Bob Paisley Gateway gates, LFC,Liverpool Football Club, Anfield, Premier League, Merseyside,North West England, UK, L4 2UZ
Contributor:Tony Smith / Alamy Stock Photo
File size:57.1 MB (1.8 MB Compressed download)
Releases:Model - no | Property - noDo I need a release?
Dimensions:5472 x 3648 px | 46.3 x 30.9 cm | 18.2 x 12.2 inches | 300dpi
Date taken:15 August 2020
Location:Liverpool Football Club Anfield Road Liverpool, Merseyside,North West England,UK, L4 0TH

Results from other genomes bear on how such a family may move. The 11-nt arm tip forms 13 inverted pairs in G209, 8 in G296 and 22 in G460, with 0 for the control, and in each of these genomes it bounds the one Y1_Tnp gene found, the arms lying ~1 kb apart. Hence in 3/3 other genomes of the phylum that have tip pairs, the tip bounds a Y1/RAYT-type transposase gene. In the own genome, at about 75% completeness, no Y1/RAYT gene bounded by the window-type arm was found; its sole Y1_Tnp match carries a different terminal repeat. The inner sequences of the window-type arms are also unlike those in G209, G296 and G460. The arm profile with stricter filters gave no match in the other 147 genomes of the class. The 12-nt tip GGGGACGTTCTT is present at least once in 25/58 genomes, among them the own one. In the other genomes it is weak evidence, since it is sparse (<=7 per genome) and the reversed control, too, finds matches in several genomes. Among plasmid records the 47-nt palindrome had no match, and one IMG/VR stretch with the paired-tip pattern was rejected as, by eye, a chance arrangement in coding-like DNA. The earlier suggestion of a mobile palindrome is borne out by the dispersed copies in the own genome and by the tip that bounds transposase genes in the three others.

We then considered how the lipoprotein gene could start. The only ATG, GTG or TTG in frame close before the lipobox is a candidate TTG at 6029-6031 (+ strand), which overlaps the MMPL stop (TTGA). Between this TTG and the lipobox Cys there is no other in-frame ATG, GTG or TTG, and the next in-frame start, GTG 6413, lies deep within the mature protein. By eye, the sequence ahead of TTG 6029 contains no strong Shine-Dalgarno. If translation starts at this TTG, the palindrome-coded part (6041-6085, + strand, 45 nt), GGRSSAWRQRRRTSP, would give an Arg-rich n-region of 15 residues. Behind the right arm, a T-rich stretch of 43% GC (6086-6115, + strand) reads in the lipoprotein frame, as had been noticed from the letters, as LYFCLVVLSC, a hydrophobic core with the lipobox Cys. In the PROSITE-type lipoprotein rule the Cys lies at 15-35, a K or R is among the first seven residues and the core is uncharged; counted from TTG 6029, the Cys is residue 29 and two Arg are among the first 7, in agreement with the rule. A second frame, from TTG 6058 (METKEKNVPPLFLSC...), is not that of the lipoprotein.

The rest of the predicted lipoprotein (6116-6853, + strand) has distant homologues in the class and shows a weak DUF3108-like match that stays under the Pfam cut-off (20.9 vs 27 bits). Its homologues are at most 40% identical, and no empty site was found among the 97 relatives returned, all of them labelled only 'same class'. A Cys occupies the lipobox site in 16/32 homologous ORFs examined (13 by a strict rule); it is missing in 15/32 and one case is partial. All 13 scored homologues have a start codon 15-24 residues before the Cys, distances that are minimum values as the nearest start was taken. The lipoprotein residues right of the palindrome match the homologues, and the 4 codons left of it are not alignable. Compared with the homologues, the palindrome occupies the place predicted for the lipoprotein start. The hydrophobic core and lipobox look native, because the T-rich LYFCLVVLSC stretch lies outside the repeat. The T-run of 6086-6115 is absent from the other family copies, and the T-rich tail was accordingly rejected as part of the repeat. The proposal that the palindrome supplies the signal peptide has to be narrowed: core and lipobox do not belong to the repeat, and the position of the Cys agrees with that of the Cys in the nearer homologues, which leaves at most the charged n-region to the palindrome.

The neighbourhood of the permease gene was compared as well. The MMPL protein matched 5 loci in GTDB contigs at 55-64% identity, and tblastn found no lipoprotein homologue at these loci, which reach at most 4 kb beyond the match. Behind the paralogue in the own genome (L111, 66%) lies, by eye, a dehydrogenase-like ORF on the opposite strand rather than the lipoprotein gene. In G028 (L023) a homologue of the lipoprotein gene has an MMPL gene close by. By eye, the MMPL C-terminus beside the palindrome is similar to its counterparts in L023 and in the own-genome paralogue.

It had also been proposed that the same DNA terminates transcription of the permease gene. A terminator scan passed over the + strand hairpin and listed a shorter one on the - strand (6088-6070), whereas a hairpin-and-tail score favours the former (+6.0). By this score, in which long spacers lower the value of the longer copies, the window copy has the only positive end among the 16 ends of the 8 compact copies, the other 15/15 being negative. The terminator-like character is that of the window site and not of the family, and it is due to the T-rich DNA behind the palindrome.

Robert Paisley OBE (23 January 1919 – 14 February 1996) was an English footballer and manager who spent almost fifty years with Liverpool as a wing half, physiotherapist, coach and manager. Due to his achievements as Liverpool manager, Paisley is regarded as one of the greatest English managers of all time. Reluctantly taking the job in 1974, he built on the foundations laid by his predecessor Bill Shankly. Paisley was the first manager, and is one of three, to have won the European Cup three times. He is also one of five managers to have won the English top-flight championship as both a player and manager at the same club. Paisley came from a small Durham mining community and, in his youth, played for Bishop Auckland before he signed for Liverpool in 1939. During the Second World War, he served in the British Army and could not make his Liverpool debut until 1946. In the 1946–47 season, he was a member of the Liverpool team that won the First Division title for the first time in 24 years. In 1951, he was made club captain and remained with Liverpool until he retired from playing in 1954. He stayed with Liverpool and took on two roles as reserve team coach and club physiotherapist. By this time, Liverpool had been relegated to the Second Division and their facilities were in decline. In December 1959, Shankly was appointed Liverpool manager and he promoted Paisley to work alongside him as his assistant in a management/coaching team that included Joe Fagan and Reuben Bennett. Under their leadership, the fortunes of Liverpool turned around dramatically and, in the 1961–62 season, the team gained promotion back to the First Division. Paisley filled an important role as tactician under Shankly's leadership and the team won numerous honours during the next twelve seasons. In 1974, Shankly retired as manager and, despite Paisley's own initial reluctance, he was appointed as Shankly's successor.